Learning Japanese Language

Japanese Language

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Learning Japanese Language

"IMPOSSIBLE," you say? Not necessarily. Why, if you think about it you may already know some words in Japanese, such as kimono and sake (rice wine)! Did you know that if you say the English pronoun "I," it sounds as if you are saying "love" in Japanese (ai)? Or that if you say "cow" in English, the same pronunciation means "to buy" in Japanese (kau)?
Some claim that a person can learn Japanese overnight merely by poring over a 'How-to-Learn' book. Though it is not quite that easy, one can quickly master enough Japanese to have an enjoyable time visiting Japan as a tourist.

From Where?

Even more complicated than the Japanese language itself are various ideas regarding its origin. Two decades ago, Leptcha, a language spoken in a valley of the Himalaya mountains, was found to be closely related to Japanese. Others claim that Japanese bears greater affinity to Korean than to any other language.

What is the relationship between Japanese and Chinese? Due to the use of Chinese ideographic script, which we call "Kanji," Japanese is often thought to have close connections with Chinese. But the differences are considerable. Chinese is a "monosyllabic" language, containing words of only one syllable. Japanese, however, is "polysyllabic," having numerous words of two or more syllables. In Chinese, word meaning is conveyed by pitch and word order, while in Japanese the meaning is conveyed by the words themselves and by the word endings.

Nearly 2,500 years ago, the Japanese language had, basically, the same grammar as that used today. But by the end of the ninth and tenth centuries, changes began taking place. This made it necessary to know one set of words for reading and another set for speaking. The result was that until the end of World War II, one had to know 3,000 to 5,000 Chinese characters and two sets of syllabaries of 50 characters each in order to read any weighty material.

Since 1945, however, the essential Kanji have been somewhat simplified and reduced to a little less than 2,000. The language also has adopted many English words. Nowadays, besides these Kanji characters, schoolchildren are taught two sets of romanization. This requires hours of work at memorizing as well as writing practice until, by the end of grammar school, children have learned 881 Kanji, and, by the end of high school, 1,850. Reading college textbooks, however, requires knowledge of about 3,000 Kanji.

Let's Say Something in Japanese

Perhaps you are anxious to test your ability at speaking Japanese. The pronunciation is easy enough, as there are, basically, only 50 different sounds possible. What presents the biggest problem is grammar. But for now, we'll stick to simpler matters.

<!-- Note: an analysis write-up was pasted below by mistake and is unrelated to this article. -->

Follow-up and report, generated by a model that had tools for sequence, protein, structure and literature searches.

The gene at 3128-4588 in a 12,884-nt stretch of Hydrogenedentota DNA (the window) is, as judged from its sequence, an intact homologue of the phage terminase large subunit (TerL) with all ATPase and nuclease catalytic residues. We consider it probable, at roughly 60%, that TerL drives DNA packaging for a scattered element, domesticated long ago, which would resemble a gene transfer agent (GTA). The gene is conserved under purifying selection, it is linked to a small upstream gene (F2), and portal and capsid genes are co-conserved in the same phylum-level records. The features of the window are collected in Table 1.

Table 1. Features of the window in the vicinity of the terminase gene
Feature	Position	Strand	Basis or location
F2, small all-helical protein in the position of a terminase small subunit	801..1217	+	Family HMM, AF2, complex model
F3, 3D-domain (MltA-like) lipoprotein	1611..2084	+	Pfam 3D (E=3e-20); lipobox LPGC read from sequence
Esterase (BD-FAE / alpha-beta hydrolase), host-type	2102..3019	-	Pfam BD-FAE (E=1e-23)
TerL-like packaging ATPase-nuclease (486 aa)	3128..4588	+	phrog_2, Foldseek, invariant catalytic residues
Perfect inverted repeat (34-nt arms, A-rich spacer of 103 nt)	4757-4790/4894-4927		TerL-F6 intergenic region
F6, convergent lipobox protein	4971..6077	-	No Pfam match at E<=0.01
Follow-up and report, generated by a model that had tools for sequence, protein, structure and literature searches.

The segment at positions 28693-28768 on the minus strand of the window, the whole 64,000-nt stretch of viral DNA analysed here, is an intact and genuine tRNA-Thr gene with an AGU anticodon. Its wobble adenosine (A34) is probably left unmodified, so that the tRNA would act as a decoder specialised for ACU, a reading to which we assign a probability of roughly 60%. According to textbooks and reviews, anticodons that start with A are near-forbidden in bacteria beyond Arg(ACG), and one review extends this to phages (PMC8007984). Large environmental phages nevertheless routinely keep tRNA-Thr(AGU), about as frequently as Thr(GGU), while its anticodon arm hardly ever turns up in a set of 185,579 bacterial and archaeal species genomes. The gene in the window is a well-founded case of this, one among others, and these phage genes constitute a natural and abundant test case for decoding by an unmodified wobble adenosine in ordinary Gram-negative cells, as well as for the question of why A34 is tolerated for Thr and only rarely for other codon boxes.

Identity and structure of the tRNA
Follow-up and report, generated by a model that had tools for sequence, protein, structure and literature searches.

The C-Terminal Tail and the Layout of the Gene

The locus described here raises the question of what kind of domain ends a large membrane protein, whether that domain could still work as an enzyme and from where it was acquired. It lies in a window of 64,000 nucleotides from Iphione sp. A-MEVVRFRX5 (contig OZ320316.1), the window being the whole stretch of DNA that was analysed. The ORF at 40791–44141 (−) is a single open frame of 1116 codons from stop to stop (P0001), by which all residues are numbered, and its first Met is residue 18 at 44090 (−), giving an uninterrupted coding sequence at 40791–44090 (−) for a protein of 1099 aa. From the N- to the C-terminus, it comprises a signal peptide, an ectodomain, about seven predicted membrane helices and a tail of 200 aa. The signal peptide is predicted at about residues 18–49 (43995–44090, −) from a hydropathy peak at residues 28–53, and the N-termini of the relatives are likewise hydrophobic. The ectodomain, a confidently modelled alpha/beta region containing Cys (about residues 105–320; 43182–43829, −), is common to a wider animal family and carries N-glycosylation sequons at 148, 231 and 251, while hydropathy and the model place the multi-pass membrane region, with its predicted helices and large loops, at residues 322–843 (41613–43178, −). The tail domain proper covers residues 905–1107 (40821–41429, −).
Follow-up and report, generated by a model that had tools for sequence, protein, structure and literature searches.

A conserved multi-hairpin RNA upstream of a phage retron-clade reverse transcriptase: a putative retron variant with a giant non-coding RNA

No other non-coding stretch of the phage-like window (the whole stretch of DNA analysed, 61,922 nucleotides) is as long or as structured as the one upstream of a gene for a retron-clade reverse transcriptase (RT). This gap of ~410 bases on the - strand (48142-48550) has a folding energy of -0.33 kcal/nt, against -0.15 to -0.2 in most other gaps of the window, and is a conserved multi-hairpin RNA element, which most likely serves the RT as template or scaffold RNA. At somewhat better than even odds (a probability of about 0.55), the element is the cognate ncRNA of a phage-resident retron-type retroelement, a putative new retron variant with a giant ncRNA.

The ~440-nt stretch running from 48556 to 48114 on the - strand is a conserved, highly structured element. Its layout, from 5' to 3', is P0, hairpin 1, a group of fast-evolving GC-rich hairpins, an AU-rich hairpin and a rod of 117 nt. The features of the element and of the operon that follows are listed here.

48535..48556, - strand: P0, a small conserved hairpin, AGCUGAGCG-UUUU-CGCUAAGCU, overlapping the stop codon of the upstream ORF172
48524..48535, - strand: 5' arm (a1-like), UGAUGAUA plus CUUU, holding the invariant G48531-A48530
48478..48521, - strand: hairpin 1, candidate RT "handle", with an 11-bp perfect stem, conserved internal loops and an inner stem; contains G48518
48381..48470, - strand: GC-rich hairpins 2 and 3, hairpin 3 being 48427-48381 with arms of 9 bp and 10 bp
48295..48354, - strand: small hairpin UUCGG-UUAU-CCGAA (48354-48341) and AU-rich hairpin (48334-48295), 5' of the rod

To begin with, there are five vowel sounds, all pronounced as in Italian: A as in far, I as e in me, E as in nest, O as in old, U as in push, when the U is a short vowel; when long, the U is as oo in soon. It is very important to learn the short and the long vowel sounds. A rather frequent mistake made by missionaries is confusing so shi ki (organization) with sM shi ki (funeral). Not a few audiences have been shocked at hearing about God's great heavenly funeral, rather than God's great heavenly organization. Another easy mistake is that of calling a young girl shM jM (orangutan) rather than shM jo (young girl). Clearly, both the learner of Japanese and the listener are benefited by having a sense of humor.

Often the same vowel, or phonetic sound, is used consecutively, as in a ta ma (head), ko ko ro (heart), or to ko ro (place). Sometimes a phonetic sound is lost through contraction when saying certain words. For instance, when pronouncing kM fu ku (happy), one drops the middle u and slurs the f and k together. This results in the pronunciation kM f'ku. Practice saying it several times and you will see how easily the Japanese rolls off your tongue! Another basic word is the pronoun "I," which in Japanese is wa ta ku shi. It is pronounced correctly wa ta k'shi, with the loss of a u and the slurring of the k into the shi sound. In recent years "I" has been still further abbreviated to become wa ta shi.

Consonants can be tricky too. For example, the single-consonant "k" in the word kM ka gives us "school song," while the double consonant in the word kok ka makes it "national anthem."

Are there any rules as to which syllable should receive accent? Authorities differ, but some agree that it is better not to accent any syllable than to accent the wrong one. For example, the city of Numazu is pronounced nu ma zu, with equal emphasis on each syllable.

Especially since the seventeenth century, Japanese has borrowed many words from European languages. For instance, the Portuguese word "pao" (bread) becomes pan in Japanese. The Dutch "blik" (tin) is bu ri ki. "Butter" in English becomes ba ta. Another English word, "strike," expands to five syllables, with two different meanings. It is su to ra i ku in baseball jargon, but when some want better pay or working conditions, the word becomes su to ra i ki.